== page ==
What is the optimal team size? Less than five and we would be capacity constrained, more than 9 and we would have the extroverts dominating over the introverts. We, potentially, could find ourselves advocating for our positions instead of having a constructive dialogue. At a minimum, you should have some ways as the leader of engaging the introverts and leveling the playing field.
As F-15 pilots, we never flew with more than 8 aircraft in a single formation. We even set up our communication system so that we would focus our interactions between those key eight people. Two radios within the cockpit – one for our 8 ship, and another for the entire engagement. SEALs used the same approach for elite team performance by breaking up their platoon into two 8 member squad.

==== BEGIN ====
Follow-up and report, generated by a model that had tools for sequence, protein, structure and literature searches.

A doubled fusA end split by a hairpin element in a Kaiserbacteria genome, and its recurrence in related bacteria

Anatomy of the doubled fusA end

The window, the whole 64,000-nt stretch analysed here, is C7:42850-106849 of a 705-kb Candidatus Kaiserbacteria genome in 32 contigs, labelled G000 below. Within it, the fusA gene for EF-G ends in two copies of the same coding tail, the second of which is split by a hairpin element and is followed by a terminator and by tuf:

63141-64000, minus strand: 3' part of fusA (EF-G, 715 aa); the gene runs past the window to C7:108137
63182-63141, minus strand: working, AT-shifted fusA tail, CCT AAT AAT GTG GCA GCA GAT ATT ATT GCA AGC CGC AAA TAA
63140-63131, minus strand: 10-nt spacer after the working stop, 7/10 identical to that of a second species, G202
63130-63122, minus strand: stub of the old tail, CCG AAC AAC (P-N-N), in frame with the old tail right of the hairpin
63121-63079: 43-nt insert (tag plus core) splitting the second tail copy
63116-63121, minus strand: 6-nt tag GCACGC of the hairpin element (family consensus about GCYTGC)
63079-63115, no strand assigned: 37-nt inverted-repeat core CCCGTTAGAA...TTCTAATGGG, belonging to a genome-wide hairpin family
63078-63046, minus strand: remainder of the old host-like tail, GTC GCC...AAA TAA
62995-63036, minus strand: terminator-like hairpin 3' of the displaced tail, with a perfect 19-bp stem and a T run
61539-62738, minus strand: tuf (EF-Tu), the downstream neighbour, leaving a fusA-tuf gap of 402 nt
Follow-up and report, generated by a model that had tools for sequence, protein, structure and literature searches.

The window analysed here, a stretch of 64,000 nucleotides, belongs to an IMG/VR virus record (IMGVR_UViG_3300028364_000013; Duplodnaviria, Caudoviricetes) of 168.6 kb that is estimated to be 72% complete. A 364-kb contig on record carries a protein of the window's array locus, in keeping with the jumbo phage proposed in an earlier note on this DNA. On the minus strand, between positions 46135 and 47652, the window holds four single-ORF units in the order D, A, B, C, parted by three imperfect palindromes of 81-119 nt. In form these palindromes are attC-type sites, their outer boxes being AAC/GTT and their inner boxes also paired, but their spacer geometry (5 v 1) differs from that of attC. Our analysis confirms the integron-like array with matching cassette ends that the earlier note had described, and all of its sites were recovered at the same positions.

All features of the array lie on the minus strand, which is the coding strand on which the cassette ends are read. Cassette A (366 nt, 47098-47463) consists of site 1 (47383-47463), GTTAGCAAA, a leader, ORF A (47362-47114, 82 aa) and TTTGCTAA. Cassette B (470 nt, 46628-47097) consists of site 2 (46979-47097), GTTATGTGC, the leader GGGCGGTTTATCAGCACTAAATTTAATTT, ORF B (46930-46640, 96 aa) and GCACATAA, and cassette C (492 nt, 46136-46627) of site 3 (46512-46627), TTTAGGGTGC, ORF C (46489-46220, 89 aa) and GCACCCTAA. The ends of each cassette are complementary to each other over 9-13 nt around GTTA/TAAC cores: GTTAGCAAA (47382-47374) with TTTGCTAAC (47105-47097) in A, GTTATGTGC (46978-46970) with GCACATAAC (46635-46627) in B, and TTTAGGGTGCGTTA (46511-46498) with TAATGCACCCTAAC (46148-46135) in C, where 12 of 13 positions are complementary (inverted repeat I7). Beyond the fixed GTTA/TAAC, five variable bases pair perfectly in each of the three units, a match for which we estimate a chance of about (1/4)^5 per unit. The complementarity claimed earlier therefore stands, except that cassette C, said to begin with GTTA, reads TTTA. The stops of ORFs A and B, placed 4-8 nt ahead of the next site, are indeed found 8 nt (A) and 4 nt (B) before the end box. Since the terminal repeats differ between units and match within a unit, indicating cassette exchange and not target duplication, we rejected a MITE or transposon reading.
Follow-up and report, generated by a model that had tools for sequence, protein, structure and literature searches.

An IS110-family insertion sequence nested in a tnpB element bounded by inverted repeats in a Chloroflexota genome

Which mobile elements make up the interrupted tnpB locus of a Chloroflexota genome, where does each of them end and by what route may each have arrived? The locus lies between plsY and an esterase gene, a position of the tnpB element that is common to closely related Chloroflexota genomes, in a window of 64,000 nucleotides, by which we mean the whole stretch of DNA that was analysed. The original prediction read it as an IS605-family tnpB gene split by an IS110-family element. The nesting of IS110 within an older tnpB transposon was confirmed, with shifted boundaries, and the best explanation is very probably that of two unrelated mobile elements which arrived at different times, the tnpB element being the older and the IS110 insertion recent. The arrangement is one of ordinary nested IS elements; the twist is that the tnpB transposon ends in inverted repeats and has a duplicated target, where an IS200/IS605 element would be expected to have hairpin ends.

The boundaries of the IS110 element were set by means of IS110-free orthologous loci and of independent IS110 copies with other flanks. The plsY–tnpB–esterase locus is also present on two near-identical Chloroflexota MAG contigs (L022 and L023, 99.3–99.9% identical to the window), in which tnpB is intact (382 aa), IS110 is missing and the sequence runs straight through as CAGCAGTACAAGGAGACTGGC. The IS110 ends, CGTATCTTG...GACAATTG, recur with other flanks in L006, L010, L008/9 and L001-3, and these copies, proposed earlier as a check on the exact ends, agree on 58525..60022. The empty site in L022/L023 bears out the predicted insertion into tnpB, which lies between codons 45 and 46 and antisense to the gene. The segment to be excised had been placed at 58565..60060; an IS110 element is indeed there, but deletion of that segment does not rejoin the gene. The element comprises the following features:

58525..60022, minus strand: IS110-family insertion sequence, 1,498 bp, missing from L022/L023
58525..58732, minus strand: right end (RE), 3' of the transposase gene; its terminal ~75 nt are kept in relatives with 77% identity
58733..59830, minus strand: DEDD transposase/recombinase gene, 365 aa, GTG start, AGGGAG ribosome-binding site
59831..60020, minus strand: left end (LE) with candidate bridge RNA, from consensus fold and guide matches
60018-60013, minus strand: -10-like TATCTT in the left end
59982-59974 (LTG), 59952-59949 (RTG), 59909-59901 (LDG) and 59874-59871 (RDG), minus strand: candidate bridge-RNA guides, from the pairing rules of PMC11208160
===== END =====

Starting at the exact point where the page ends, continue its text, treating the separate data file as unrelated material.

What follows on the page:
Key Team Roles
There are three key roles that must be fulfilled on every team.
The Ace role is the tactical leader of the group. Don’t underestimate the importance of this role. It should be someone who 1 – understands the subject, 2 – wants the job, 3 – has the capacity to fulfill the role. This person will work behind the scenes to ensure the mission runs smoothly. If you’ve done missions with us as a team member before, you’ve probably marveled at the fact that we only get the group together once a week for 15 minutes. The dirty little secret is the Ace is doing a lot of behind the scenes coordinating and communicating so that the weekly meetings are concise, focused and keep the mission on track.